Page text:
We went back to the Minnesota State Fair on Labor day, the last day of its 2015 run. Here are a few highlighs.
The crowds had not thinned out any on the final day of the fair, around 2:00 pm. In point of fact, Monday set an all-time record for Labor Day attendance: 179,865 other people wandered the fairgrounds with us that day.
For lunch we shared the entire deep-fried menu of Ole & Lena’s Hotdish on a Stick truck. The crude drawing, affixed to the counter, explains how the proprietors accomplish their namesake dish. The banana split wasn’t deep-fried whole: only the banana was. Pity. The onion rings were among the best I have had, and they came with a scrumpitous lingonberry sauce.
The photo at right caught the back of the tee shirt of a worker at an adjacent deep-fried emporium.
In all there were said to be 62 X-on-a-stick foodstuffs for sale at the Fair, among 300 different food booths. These included key lime pie on a stick, stuffed Italian meatloaf on a stick, tikka on a stick, and — my favorite, as pictured below — Summit on a stick.
Summit is a local craft brewery. This may be a stick too far. It would be impossible to drink this Summit on a stick, unless three friendly people put their heads together while a fourth carefully tipped the contraption for them. And you can’t put it down except on a sufficiently empty flat surface, which were not in noticeable oversupply at the Fair.
This year’s Princess Kay of the Milky Way is Kyla Mauk from Howard Lake, in Wright County, Minnesota. She was sculpted in butter on the opening day of the Fair. The photo shows another of the finalists for the title, Morgan Uphoff, answering audience questions about bovine care, feeding, and raising while being sculpted from a 90-lb. block of Grade A butter inside a rotating chamber maintained at 40°F.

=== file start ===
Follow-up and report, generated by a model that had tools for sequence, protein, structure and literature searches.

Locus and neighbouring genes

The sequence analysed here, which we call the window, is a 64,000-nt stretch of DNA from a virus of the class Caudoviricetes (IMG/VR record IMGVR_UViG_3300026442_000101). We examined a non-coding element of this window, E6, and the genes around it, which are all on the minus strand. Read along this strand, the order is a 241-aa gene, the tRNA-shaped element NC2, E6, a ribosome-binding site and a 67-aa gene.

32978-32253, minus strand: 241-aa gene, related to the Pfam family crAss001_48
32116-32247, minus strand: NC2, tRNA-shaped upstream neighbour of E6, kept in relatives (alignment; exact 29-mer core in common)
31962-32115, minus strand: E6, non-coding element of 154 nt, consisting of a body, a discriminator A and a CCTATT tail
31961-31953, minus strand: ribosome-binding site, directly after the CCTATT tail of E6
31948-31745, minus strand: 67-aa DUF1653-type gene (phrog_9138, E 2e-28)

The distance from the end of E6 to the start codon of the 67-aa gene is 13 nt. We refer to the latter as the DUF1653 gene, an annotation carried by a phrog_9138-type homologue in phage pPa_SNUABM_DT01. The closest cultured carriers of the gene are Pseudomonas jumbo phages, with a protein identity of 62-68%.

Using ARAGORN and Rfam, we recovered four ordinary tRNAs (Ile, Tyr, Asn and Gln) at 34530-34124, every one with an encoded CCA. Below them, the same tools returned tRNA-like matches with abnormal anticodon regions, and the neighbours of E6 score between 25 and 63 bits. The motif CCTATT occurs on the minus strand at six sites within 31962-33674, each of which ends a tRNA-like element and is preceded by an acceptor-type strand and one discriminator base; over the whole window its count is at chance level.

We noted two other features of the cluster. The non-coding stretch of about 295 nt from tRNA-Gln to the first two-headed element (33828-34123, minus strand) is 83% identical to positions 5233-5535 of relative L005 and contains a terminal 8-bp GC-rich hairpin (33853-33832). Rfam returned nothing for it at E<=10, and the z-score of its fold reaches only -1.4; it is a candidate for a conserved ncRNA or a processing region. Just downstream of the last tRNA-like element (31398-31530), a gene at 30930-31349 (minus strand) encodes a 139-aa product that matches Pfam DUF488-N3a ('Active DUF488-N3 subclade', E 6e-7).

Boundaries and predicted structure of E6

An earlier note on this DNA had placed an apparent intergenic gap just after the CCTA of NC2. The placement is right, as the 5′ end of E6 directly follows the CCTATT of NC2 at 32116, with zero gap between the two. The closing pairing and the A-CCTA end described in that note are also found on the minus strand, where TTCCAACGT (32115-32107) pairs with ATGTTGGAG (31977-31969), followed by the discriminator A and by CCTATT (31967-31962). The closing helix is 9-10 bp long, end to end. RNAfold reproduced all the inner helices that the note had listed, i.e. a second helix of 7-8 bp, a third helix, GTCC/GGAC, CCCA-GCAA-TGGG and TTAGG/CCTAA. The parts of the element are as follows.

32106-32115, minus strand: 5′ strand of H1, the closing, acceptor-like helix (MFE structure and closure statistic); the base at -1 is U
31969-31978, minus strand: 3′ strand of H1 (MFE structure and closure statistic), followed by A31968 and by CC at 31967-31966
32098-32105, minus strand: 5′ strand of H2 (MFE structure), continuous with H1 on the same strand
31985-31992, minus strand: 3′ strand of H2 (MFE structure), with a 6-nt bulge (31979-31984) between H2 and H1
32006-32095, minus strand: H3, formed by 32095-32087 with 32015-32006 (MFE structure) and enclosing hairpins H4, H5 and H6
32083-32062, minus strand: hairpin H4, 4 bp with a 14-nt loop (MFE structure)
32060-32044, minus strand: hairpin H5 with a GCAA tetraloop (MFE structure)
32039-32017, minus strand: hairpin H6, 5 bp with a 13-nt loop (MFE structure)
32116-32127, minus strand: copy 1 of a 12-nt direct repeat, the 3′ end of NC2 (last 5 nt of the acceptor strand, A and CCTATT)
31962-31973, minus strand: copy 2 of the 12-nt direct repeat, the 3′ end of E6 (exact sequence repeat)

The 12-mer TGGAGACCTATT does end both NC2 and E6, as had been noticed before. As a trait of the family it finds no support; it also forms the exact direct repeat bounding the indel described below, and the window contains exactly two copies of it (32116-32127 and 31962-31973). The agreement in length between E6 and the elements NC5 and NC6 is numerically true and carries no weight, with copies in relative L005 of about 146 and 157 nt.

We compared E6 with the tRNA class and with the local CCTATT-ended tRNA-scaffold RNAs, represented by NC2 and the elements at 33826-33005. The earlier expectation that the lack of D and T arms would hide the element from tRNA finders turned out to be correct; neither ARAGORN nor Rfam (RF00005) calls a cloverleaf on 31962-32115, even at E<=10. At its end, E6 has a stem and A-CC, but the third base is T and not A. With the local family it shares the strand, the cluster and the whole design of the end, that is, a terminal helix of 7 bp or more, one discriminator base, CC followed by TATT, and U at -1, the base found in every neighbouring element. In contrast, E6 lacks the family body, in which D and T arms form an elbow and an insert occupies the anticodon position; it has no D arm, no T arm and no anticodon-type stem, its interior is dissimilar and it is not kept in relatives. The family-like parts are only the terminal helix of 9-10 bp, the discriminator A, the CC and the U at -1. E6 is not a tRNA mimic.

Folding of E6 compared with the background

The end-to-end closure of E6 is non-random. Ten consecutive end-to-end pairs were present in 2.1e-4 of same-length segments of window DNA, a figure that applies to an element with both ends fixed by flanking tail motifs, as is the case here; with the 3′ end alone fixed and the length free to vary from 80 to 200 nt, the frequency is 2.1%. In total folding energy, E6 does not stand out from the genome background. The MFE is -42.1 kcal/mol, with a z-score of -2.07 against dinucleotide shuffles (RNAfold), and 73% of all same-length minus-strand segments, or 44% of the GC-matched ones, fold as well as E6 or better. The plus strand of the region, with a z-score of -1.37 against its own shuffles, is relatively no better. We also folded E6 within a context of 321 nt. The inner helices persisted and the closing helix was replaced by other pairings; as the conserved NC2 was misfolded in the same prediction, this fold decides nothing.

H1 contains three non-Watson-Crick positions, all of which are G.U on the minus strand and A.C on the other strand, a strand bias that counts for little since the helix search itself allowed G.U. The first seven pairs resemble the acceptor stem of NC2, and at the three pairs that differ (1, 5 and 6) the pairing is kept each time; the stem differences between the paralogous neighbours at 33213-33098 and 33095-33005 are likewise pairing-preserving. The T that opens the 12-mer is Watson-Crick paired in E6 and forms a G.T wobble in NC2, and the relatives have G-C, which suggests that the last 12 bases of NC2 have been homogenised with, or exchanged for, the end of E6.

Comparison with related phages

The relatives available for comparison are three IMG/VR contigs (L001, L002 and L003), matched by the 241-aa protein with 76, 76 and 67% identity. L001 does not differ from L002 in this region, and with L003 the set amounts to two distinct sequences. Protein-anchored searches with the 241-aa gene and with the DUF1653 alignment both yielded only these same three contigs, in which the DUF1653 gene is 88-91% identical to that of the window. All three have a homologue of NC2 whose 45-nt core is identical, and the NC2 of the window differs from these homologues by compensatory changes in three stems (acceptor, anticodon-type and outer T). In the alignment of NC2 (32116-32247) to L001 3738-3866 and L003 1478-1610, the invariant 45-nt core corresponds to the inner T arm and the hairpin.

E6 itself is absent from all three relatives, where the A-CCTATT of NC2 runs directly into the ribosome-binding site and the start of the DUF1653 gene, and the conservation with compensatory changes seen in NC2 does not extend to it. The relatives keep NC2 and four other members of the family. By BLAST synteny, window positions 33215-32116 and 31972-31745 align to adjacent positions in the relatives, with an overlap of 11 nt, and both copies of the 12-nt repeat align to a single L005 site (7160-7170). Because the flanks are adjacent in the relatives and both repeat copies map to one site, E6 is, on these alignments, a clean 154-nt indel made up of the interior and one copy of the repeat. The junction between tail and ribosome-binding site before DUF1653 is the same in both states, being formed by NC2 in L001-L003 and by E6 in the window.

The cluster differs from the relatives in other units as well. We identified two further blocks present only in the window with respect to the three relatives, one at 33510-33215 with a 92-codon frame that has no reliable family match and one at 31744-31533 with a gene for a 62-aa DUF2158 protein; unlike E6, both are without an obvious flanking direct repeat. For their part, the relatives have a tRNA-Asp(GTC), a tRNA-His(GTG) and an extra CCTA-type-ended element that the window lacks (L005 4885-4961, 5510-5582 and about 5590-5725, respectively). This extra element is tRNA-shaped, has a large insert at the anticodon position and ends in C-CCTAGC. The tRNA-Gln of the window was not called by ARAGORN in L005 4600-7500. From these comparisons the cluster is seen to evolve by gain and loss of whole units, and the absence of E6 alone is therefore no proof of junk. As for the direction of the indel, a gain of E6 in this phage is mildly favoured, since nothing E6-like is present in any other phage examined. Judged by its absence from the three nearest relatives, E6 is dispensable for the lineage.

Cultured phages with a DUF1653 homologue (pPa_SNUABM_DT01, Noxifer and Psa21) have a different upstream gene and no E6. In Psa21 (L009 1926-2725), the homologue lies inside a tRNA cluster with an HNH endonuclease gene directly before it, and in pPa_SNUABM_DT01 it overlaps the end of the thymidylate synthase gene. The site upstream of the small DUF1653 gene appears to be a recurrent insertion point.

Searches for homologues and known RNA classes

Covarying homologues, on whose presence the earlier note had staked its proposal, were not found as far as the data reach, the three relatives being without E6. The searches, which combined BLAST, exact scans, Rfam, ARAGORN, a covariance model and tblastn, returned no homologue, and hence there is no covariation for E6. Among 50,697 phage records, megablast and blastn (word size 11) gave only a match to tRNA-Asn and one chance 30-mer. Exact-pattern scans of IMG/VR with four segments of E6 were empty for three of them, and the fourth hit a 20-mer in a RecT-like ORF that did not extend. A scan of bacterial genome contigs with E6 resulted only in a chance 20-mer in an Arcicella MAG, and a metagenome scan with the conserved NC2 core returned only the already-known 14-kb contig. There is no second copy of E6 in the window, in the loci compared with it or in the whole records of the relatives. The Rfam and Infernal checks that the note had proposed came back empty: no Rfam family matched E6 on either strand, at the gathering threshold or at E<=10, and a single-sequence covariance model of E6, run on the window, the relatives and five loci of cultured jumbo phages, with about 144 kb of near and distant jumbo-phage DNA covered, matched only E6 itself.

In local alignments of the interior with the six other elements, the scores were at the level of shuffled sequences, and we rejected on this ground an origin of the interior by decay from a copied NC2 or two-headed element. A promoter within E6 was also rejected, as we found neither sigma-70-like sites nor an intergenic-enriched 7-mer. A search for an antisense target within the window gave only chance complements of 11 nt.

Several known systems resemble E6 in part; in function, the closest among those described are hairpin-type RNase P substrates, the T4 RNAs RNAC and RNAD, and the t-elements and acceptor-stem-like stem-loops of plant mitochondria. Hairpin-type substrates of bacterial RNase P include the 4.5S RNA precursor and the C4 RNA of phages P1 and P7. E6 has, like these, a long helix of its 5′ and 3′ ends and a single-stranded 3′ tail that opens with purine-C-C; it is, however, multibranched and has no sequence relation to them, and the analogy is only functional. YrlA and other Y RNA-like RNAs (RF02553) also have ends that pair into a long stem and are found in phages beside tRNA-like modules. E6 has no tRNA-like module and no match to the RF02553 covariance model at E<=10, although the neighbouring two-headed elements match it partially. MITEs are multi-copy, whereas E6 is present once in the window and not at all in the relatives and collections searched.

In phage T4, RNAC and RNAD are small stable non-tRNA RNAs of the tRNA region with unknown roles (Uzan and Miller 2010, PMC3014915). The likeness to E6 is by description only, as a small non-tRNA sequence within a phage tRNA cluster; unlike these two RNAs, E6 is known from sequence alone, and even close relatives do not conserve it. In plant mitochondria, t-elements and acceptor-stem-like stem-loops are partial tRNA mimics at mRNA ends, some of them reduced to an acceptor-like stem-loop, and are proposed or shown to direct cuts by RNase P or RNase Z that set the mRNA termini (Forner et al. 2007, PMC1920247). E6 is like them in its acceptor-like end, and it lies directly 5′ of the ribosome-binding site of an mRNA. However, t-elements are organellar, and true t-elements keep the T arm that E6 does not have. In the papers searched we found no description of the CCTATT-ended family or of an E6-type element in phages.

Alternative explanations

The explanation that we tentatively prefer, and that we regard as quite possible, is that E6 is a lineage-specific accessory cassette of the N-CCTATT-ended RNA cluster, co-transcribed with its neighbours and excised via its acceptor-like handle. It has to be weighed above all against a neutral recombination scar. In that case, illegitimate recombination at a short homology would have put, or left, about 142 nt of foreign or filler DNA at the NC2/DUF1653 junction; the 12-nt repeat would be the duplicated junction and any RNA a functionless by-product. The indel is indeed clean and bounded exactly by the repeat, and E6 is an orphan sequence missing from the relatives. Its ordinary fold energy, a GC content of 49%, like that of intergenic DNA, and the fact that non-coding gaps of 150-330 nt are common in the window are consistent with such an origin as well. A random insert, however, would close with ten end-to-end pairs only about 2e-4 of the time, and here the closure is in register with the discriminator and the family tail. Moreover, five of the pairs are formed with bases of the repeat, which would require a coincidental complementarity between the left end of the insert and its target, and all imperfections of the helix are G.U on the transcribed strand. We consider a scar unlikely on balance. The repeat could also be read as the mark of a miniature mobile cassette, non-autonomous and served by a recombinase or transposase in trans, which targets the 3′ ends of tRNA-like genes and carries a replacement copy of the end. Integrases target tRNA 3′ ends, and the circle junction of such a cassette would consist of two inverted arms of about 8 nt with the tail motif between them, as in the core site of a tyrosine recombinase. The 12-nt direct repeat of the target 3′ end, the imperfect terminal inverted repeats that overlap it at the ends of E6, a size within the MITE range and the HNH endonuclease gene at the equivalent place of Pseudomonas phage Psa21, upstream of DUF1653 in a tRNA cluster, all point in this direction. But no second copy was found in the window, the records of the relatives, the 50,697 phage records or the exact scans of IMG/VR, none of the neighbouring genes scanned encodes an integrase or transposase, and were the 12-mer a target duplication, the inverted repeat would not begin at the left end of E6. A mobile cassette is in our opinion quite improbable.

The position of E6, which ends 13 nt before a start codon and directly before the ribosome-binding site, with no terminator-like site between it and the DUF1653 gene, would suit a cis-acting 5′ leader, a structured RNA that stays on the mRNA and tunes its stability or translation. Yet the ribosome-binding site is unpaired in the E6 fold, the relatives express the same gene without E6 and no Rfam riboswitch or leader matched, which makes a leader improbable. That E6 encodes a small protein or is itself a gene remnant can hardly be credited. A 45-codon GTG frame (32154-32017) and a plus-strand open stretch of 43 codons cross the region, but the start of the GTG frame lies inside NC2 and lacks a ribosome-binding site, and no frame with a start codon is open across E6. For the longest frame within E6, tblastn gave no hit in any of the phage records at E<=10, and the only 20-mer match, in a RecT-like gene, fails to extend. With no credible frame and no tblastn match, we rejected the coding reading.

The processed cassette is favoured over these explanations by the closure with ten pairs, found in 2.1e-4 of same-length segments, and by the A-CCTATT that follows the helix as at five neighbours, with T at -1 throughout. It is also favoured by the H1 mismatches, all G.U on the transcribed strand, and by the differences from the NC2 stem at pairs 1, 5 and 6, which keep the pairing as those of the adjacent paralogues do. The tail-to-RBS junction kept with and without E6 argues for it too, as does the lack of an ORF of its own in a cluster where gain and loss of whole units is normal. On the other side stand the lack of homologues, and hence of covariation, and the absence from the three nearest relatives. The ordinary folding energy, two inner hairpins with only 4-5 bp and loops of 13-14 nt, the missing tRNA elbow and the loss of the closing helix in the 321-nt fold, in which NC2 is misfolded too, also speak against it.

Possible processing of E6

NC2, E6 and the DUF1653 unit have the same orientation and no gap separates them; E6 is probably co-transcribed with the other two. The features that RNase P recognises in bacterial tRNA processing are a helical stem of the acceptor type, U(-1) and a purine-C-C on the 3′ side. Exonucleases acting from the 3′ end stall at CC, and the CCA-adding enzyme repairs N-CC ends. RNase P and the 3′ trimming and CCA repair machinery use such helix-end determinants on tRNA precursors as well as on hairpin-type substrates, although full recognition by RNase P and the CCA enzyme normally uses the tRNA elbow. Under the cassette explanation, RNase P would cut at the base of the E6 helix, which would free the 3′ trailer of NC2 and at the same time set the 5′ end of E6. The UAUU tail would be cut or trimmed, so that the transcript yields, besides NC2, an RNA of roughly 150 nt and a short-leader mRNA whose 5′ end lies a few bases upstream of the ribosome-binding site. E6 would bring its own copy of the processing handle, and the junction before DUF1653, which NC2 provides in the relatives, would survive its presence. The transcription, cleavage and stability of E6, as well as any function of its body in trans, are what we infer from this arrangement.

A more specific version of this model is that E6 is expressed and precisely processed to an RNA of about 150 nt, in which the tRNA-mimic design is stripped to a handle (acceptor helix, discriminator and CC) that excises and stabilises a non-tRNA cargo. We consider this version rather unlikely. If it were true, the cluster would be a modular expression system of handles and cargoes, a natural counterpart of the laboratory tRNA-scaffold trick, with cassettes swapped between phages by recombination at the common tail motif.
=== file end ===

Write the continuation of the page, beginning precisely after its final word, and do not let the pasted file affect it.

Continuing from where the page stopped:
The sculptor, Linda Christiansen, has been creating these likenesses since 1971. Around the periphery of the rotating chamber are the images of other finalists for the Princess Kay title, sculpted one per day by Ms. Christiansen over the 12 days of the Fair.
Butter sculpture happens at other state fairs in the Midwest (as evidenced in this poem, by Andrea Cohen, from the Iowa fair), but only at the Minnesota event is it performed using a live model before an audience of fair-goers.
The Sky Ride operating at the Fair is 51 years old. It is one of 35 constructed on US soil by Von Roll of Berne, Switzerland, mostly in the 1950s and 1960s, and one of 10 still in operation here. This photo was taken mid-ride. See the first photo, above, for a look at the exterior of the mechanism and the cars.